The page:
We use cookies to improve your website experience. To learn about our use of cookies and how you can manage your cookie settings, please see our Cookie Policy. By continuing to use the website, you consent to our use of cookies. Close


Arbitration Law

Chapter 21 JUDICIAL REVIEW OF ERRORS OF LAW IN ARBITRATION AWARDS LEGISLATIVE FRAMEWORK Judicial review prior to the Arbitration Act 1979 21.1 The history of judicial control over errors of law in arbitration awards has been expertly traced elsewhere. 1 It is sufficient in the present text to consider the situation immediately before the passing of the Arbitration Act 1979. At that time, two forms of judicial review of awards were in operation. The first was error of law on the face of the record. This jurisdiction was widely recognised as arbitrary and complex, in that it was frequently a matter of chance whether the alleged error appeared on the face of the record and in that the rules that determined what constituted the face of the record were highly technical. The unpopularity of the jurisdiction led to the frequently adopted practice of requiring arbitrators to give their reasons not in the award itself but in a separate document which was expressed to be confidential to the parties. This prevented the reasons from being brought before the High Court for the purposes of a substantive appeal, although it did not prevent the court from scrutinising the confidential document to determine whether there had been fraud or misconduct. 2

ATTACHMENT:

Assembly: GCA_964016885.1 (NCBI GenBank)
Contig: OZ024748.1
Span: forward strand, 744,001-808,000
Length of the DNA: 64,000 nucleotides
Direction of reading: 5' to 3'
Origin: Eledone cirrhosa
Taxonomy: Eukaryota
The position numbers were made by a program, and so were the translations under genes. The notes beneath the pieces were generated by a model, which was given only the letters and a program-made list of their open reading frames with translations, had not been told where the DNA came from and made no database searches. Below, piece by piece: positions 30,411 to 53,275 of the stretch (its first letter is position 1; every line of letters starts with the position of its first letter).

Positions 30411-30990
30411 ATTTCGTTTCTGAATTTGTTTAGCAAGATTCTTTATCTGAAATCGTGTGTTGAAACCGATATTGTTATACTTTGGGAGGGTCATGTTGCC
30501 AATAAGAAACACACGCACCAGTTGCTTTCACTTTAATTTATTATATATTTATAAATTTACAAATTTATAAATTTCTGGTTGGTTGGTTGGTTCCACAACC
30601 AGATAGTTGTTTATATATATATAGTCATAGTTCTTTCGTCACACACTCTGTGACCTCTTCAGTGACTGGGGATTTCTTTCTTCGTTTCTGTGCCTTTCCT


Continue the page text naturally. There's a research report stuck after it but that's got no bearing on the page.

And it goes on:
The rest of this document is only available to i-law.com online subscribers.

If you are already a subscriber, please enter your details below to log in.

Enter your email address to log in as a user on your corporate account.
Remember me on this computer

Not yet an i-law subscriber?


Request a trial Find out more